Simon Otto: I was given the book by a producer, Chris Henderson, who actually is at the root of this project, who actually figured out that this is available and swooped it up and handed it to me. I should tell you the origin of these books in the first place. He was a sub substitute teacher and was asked to take care of a class and read a few books. All you do is just read to the kids and he said, “Well, what are you gonna read? Fairy tales, right? Grab the Grimms’ fairy tales book and start reading it.
As he was reading it, being some semi-familiar with it, he started realizing that the kids were looking with really big, wide-open eyes and he started kind of undercutting it and explaining it. He was a really funny man, so he naturally made it humorous. That tone comes through in the books. I think for me, having done a lot of feature animation in my career, we’ve talked about adapting fairy tales and Grimms’ fairy tales, in particular, many times, but what you oftentimes struggle with is that to bring it into a 70, 80, 90-minute feature and tell one single story because some of the Grimms’ fairy tales are short stories. Some of them have odd beginnings and endings, or sort of are hard to tell in the feature-length story.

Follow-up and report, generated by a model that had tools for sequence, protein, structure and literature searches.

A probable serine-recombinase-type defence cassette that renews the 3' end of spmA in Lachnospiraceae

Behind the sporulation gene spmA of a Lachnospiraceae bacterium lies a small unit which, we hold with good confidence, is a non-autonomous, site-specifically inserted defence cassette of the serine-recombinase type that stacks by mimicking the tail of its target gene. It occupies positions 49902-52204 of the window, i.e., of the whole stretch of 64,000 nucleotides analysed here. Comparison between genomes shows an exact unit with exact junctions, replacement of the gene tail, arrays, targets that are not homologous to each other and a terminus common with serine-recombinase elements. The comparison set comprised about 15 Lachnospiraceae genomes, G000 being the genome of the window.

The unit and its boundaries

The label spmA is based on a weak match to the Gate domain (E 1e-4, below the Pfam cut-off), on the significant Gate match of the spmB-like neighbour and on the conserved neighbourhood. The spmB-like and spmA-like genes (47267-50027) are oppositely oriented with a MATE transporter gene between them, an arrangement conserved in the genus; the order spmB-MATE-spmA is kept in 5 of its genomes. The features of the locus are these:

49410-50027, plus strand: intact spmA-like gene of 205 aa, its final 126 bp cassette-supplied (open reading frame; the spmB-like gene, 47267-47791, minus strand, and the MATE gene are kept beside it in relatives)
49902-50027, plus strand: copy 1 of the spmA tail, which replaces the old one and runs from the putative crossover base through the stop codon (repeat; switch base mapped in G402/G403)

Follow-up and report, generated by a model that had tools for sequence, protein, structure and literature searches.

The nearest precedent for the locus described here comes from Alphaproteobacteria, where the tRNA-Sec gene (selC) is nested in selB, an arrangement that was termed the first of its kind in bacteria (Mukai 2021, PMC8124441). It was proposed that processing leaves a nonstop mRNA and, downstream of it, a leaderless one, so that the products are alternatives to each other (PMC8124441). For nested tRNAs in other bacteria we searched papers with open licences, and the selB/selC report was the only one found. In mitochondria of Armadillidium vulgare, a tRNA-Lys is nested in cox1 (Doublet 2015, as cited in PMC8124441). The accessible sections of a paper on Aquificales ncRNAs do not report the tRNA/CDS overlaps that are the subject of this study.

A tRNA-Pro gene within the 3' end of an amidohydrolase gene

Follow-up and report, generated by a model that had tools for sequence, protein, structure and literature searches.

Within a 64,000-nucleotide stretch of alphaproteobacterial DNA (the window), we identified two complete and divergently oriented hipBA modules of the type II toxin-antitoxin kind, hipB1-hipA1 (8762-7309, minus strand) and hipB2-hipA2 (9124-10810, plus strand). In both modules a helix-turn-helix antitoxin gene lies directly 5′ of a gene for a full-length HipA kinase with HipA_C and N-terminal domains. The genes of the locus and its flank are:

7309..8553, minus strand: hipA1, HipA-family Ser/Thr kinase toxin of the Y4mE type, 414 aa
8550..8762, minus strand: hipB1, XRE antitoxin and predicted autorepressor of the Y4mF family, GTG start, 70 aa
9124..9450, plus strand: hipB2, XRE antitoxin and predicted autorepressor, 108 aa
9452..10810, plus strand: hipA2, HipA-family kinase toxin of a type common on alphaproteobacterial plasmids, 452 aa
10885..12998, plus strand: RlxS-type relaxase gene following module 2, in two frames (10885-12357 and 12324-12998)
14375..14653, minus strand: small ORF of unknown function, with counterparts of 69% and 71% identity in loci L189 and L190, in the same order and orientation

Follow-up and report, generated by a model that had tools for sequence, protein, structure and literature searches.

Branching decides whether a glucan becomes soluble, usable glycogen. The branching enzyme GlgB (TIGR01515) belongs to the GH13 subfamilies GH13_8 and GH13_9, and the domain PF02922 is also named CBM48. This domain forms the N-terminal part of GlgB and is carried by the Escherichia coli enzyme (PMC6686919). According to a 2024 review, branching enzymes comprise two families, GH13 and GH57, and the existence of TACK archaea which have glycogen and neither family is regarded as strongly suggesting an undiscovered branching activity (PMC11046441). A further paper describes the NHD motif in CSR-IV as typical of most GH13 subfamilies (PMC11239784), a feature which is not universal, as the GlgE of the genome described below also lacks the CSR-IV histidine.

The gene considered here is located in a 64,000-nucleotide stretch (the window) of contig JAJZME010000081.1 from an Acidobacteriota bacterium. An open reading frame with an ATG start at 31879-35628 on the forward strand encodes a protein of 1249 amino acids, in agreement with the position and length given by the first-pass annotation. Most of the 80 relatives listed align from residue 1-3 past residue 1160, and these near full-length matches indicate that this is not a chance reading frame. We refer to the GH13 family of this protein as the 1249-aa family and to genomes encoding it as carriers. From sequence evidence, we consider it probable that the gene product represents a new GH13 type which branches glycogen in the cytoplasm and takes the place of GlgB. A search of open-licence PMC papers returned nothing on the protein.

In this world that we live in, where all of a sudden limited series become a real opportunity in animation. You see the reemergence of stories that are really hard to tell as features or as episodic television, where you basically come back to the same kind of setup every time. To me, A Tale Dark & Grimm, the novel, was a perfect source material for this kind of show.
Raini, you’ve done a couple of voice acting roles here. You’re so great as Sammy in the Jurassic World: Camp Cretaceous series. Has your approach changed to voice acting over time or did you find your footing rather quickly?
A little bit of both, I’m a very expressive person. So on the microphone, I’m, I’m really great at just kind of going a little bit extra when it comes to things like that of really just going for it. Speaking for A Tale Dark & Grimm specifically, I remember when we first did the first episode and I was speaking with Simon about the characters and how Gretel should evolve and where she should go from here I remember in the first episode we had talked about how her voice is very innocent. It’s very light. I mean, she has no cares in the world until essentially her parents chop her head off. And then that’s where her sort of dynamic kind of changes. Then she’s always been this protective older sister to Hansel, but now that they’re going on this journey together, she’s gotten hardened.